Bulletin of the World Health Organisation (B WORLD HEALTH ORGAN)

Publisher: World Health Organization; World Health Organization, World Health Organization

Journal description

Publication of the World Health Organization. Mission: To publish and disseminate scientifically rigorous public health information of international significance that enables policy-makers, researchers and practitioners to be more effective; it aims to improve health, particularly among disadvantaged populations.

Current impact factor: 5.11

Impact Factor Rankings

2015 Impact Factor Available summer 2015
2013 / 2014 Impact Factor 5.112
2012 Impact Factor 5.25
2011 Impact Factor 4.641
2010 Impact Factor 5.459
2009 Impact Factor 5.302
2008 Impact Factor 3.803
2007 Impact Factor 4.019
2006 Impact Factor 5.029
2005 Impact Factor 3.961
2004 Impact Factor 2.87
2003 Impact Factor 2.442
2002 Impact Factor 2.694
2001 Impact Factor 2.755
2000 Impact Factor 1.937
1999 Impact Factor 1.49
1998 Impact Factor 1.43
1997 Impact Factor 1.702

Impact factor over time

Impact factor
Year

Additional details

5-year impact 6.08
Cited half-life 9.70
Immediacy index 1.04
Eigenfactor 0.02
Article influence 2.39
Website Bulletin of the World Health Organization website
Other titles Bulletin of the World Health Organization, Bulletin de l'Organisation mondiale de la santé
ISSN 1564-0604
OCLC 1588496
Material type Government publication, International government publication, Periodical, Internet resource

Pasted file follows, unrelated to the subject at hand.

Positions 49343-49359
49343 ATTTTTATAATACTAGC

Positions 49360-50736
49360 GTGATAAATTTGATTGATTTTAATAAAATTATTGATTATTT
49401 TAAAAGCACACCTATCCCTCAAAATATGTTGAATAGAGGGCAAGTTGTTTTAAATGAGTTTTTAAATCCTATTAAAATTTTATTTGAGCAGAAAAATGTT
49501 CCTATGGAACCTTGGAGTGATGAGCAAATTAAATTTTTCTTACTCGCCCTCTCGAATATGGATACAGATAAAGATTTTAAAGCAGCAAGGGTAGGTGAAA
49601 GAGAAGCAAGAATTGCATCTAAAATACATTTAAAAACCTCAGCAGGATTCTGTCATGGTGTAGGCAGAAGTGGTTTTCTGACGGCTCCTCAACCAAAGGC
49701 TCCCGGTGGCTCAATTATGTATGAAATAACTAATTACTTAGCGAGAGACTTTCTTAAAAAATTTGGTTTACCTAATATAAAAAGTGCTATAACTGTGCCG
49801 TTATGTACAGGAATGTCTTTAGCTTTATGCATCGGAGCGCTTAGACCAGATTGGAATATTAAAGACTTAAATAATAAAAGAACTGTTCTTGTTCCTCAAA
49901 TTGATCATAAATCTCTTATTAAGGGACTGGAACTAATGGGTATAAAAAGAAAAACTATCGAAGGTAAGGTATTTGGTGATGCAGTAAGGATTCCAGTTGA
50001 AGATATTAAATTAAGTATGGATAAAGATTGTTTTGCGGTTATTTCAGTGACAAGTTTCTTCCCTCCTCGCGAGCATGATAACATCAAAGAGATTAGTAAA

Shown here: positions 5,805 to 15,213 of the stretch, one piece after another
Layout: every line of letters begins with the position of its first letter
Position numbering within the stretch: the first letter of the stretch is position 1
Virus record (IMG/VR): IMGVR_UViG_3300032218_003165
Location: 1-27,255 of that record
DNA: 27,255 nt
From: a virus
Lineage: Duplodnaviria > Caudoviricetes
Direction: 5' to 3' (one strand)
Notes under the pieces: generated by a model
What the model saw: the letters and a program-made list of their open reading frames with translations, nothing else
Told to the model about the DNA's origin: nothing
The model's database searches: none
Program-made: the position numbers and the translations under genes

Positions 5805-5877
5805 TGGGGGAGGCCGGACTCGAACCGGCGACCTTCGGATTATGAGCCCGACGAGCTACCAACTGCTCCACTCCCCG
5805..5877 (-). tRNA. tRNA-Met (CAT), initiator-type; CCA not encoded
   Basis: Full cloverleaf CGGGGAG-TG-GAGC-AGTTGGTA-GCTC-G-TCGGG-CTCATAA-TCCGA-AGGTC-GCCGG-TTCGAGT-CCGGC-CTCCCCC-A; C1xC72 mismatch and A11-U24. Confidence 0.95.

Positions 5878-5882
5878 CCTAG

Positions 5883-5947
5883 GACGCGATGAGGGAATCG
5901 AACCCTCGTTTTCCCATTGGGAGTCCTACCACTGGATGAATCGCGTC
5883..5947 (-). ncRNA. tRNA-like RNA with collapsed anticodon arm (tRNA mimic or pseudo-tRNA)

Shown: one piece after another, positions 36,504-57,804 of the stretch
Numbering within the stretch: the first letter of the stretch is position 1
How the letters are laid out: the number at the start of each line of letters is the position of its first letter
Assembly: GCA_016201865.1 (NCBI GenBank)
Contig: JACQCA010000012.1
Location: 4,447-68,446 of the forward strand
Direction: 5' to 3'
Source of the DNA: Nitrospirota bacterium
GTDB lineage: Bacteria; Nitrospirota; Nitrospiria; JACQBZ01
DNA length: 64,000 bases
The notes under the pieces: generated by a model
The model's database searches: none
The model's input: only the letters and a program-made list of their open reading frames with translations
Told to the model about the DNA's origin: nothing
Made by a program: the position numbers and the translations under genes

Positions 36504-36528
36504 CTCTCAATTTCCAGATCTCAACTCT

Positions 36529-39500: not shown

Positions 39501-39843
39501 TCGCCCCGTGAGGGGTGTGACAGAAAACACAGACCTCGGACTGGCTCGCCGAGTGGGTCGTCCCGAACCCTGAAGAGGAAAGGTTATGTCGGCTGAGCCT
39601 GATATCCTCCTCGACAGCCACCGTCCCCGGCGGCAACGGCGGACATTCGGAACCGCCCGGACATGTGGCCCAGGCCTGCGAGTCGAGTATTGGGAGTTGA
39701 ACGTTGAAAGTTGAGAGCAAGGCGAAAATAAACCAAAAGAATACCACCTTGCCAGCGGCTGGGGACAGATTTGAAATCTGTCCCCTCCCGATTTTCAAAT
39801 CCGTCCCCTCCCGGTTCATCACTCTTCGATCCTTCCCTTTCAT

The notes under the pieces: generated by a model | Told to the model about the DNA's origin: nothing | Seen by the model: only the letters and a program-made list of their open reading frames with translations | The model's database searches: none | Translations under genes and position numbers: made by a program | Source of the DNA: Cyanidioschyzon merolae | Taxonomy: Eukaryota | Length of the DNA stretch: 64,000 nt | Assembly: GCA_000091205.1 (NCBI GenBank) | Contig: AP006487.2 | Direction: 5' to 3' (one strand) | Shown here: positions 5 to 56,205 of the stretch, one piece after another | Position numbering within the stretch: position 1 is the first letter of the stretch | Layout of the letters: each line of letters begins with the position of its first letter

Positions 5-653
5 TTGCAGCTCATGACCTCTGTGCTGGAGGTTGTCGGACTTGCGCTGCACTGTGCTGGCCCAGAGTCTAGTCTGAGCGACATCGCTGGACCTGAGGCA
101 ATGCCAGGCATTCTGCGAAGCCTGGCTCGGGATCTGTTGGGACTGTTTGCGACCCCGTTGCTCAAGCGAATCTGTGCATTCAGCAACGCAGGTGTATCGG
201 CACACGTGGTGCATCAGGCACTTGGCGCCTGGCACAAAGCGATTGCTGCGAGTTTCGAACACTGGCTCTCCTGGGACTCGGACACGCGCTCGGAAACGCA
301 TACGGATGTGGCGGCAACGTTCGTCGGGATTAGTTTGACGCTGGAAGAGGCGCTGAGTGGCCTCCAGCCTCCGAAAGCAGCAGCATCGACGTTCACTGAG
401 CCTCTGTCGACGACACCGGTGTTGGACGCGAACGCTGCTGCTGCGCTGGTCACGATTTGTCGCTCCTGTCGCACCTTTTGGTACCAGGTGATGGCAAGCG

Document type Journal / Magazine / Newspaper, Internet Resource

Publisher details

World Health Organization

  • Pre-print
    • Archiving status unclear
  • Post-print
    • Author can archive a post-print version
  • Conditions
    • Must link to publisher version
    • Published source must be acknowledged
    • On author's personal website or institutional website only
  • Classification
    ​ blue

Publications in this journal

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    [Show abstract] [Hide abstract]
    ABSTRACT: To evaluate the effect of a smoking ban in high schools on smoking behaviour among Chilean students. We conducted an interrupted time-series analysis, using repeated cross-sectional data from Chile's school population survey (2000-2011) for high-school students aged 12-18 years and a control group of persons aged 19-24 years. Poisson regression models were used to assess trends in smoking behaviour before and after the policy changes. The outcome measures were self-reported smoking prevalence (any smoking in the past month) and high frequency of smoking (smoking 15 days or more per month). From 2005 to 2011, the prevalence of smoking declined among high-school students by 6.8% per year compared with 3.6% decline per year in the control group. The decline in the target group was 2.9% (95% confidence interval, CI: 0.18 to 5.00) greater. We estimated that 5-6 years after enforcing the law, smoking prevalence among high-school students was 13.7% lower as a result of the ban. The impact of the smoking ban was primarily driven by declines in smoking prevalence among students in grades 8 to 10. The smoking ban did not significantly alter the frequency of smoking. The 2005 school smoking ban reduced smoking prevalence among younger high-school students in Chile. Further interventions targeting older individuals and frequent smokers may be needed.